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San Francisco Drunkest Neighborhoods, Ranked

Scott Lucas | July 24, 2014 | Story Clubs and Bars

Pisco sours. Anchor Steam beer. Shots of Fernet. San Francisco is a debauched, debased, just plain drunk-ass town. But which neighborhoods are home to the most committed tipplers? Though we can't hook everybody up to Breathalyzers to find out scientifically, we can do something else. Thanks to data from which the Chronicle wrote about this morning, we can tell you the zip codes where people spend the highest percent of their paychecks on drinking in bars.

Here's the ranked list, with some handy analysis to follow:

1. North Beach (94133): 1.93%
2. Nob Hill (94109): 1.88%
3. Castro and Noe Valley (94114): 1.86%
4. Bayview (94124): 1.84%
5. Financial District (94104): 1.84%
6. Hayes Valley and the Tenderloin (94102): 1.80%
7. SoMa (94103): 1.78%
8. Chinatown (94108): 1.75%
9. SoMa (94105): 1.72%
10. The Haight (94117): 1.68%
11. The Marina (94123): 1.67%
12. West Portal (94127): 1.60%
13. Pac Heights (94115): 1.58%
14. Potrero Hill (94107): 1.58%
15. Visitacion Valley (94134): 1.53%
16. Inner Richmond (94118): 1.52%
17. Outer Richmond (94121): 1.49%
18. The Mission (94110): 1.47%
19. The Presidio (94129): 1.44%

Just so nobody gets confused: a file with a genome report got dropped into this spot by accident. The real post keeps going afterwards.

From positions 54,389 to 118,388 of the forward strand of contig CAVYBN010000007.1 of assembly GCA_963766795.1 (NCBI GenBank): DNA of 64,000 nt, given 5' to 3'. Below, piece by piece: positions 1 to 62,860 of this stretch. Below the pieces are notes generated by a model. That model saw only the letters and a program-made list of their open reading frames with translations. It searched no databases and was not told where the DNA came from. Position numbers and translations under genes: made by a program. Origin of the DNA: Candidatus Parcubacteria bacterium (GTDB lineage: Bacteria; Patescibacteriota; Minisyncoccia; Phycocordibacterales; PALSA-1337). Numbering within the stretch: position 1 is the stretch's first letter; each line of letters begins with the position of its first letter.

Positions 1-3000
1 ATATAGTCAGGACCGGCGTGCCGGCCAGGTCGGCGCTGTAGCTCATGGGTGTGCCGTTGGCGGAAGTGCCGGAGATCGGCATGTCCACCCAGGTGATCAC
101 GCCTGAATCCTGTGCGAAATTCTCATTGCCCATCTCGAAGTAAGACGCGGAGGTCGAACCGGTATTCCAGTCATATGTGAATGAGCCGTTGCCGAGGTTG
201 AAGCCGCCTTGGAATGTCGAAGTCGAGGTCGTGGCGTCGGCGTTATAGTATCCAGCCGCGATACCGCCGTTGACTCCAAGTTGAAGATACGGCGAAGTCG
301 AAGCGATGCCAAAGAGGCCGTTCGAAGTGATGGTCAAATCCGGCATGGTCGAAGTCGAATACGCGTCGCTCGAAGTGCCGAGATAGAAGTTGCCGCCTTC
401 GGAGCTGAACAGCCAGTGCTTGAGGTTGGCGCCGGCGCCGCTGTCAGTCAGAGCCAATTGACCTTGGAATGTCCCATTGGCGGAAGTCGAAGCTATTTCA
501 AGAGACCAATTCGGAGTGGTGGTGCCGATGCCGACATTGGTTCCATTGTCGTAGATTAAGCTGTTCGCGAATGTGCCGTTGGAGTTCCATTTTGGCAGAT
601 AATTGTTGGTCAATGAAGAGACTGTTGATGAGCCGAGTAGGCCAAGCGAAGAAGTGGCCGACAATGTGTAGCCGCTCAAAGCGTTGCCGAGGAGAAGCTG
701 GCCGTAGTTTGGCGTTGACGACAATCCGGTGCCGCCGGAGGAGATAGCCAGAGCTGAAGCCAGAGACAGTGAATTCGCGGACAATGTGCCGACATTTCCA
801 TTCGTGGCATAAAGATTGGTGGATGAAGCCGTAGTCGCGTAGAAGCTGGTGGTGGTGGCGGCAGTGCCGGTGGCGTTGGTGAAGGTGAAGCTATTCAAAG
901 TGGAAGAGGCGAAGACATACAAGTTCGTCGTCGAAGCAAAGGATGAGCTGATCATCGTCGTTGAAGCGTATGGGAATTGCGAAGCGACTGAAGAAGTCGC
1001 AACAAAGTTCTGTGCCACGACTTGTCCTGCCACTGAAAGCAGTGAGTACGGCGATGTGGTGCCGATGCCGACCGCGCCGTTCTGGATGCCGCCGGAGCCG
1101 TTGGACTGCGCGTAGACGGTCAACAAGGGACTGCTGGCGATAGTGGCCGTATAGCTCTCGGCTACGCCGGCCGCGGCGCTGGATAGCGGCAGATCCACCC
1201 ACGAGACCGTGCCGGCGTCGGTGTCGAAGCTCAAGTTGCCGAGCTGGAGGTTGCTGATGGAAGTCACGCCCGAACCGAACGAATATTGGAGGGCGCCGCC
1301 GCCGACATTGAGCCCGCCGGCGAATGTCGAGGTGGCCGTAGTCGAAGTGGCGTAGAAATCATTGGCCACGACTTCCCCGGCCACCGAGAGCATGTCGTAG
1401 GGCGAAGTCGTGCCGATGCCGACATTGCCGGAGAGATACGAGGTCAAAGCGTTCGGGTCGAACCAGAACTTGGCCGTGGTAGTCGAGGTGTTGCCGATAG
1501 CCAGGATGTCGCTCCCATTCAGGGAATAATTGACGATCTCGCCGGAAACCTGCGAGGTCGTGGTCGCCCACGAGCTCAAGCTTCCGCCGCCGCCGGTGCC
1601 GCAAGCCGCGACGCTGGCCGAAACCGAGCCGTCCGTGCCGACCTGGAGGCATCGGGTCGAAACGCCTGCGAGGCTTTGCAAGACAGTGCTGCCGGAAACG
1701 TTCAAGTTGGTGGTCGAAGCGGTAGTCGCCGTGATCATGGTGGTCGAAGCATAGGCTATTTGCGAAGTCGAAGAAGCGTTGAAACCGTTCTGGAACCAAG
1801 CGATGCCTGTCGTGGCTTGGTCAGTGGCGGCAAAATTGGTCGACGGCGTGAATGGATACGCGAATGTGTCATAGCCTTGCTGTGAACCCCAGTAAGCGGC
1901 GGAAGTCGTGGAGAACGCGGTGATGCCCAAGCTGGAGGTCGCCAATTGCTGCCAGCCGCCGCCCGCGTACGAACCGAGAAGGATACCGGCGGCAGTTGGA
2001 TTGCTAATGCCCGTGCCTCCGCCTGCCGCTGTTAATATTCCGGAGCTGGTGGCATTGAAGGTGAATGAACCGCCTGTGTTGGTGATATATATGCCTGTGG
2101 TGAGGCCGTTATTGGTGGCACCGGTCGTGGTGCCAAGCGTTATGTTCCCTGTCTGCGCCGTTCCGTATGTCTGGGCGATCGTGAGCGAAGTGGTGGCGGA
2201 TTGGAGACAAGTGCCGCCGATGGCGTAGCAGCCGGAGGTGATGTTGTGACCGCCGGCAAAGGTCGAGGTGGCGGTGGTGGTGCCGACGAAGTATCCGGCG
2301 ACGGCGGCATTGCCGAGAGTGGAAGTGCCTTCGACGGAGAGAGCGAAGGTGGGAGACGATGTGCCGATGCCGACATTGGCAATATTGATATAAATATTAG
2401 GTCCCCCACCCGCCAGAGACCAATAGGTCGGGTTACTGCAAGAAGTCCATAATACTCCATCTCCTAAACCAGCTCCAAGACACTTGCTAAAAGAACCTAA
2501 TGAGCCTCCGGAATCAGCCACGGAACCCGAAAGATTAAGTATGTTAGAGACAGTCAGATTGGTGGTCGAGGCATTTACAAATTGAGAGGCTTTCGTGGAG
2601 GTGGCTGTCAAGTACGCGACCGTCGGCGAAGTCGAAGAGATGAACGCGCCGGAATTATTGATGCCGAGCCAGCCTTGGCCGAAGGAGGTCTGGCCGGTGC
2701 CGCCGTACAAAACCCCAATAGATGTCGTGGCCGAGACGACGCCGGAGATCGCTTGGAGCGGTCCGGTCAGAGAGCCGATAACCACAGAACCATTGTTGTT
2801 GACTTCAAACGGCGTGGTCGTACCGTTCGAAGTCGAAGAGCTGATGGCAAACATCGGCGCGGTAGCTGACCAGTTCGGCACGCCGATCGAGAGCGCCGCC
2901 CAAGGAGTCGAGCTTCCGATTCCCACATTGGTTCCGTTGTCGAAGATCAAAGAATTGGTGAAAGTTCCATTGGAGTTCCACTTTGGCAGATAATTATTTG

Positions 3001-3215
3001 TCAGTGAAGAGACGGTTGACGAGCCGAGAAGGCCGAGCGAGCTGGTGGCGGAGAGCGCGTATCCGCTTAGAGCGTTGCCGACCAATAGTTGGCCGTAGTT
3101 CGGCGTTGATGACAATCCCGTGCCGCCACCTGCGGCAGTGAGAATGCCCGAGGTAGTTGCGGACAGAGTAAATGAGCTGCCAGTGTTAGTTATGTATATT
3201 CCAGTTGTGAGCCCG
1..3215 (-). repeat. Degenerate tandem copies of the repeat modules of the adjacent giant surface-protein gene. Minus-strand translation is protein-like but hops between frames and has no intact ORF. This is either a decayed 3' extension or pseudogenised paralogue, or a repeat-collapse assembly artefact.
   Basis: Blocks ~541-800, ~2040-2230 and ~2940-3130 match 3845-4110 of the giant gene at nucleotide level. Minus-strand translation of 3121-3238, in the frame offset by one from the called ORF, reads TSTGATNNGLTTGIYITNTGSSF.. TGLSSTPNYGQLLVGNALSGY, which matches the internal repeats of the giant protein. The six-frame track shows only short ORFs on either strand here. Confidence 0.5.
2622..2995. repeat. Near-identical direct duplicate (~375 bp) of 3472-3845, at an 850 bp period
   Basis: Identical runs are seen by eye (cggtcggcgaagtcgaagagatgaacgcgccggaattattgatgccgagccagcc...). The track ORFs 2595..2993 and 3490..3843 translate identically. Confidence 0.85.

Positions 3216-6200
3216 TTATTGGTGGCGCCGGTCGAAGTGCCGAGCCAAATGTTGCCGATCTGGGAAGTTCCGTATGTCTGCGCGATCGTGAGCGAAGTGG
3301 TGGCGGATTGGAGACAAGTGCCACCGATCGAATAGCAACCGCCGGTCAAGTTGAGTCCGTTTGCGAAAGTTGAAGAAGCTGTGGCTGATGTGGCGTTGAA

20. Inner Sunset (94122):
21. Ingleside-Excelsior (94112): 1.41%
22. Embarcadero (94111): 1.39%
23. Lake Merced (94132): 1.19%
24. Twin Peaks (94131): 1.19%
25. Outer Sunset (94116): 1.16%

So, what did we learn? Overall, that the richer the neighborhood, the busier the bars. For every extra dollar of income, there was an increase of a cent and a half in boozing. (If you're curious, and super geeky, see our linear regression in the photo at right). There are a few poorer neighborhoods—like the Bayview and the Tenderloin—which showed up high in the rankings. But that's because their monthly incomes numbers were lower. In absolute dollar amounts, the Bayview spends among the least at bars in the city. Conversely, there were some neighborhoods with lower incomes that weren't spending much out at bars—like the Outer Sunset, Lake Merced, and Ingleside-Excelsior. These spots make up what we are calling the city's "Boring Belt," the L-shaped stretch of land in the city's west and south, where hard-working folks spend their money on other things besides booze. (What those things might be, we can hardly fathom.) There's no statistical relationship between the income level of a neighborhood and the percent of income spent at bars (that is to say, poor neighborhoods don't necessarily spend a greater or lesser percent than rich ones do).

One area that was harder to puzzle out was the Mission. Isn't that Party Central? Then how could it be so low on the list? Our best guess: It's not the size of the party, it's the cheapness of the drinks. And they don't get much cheaper than in the Mission.

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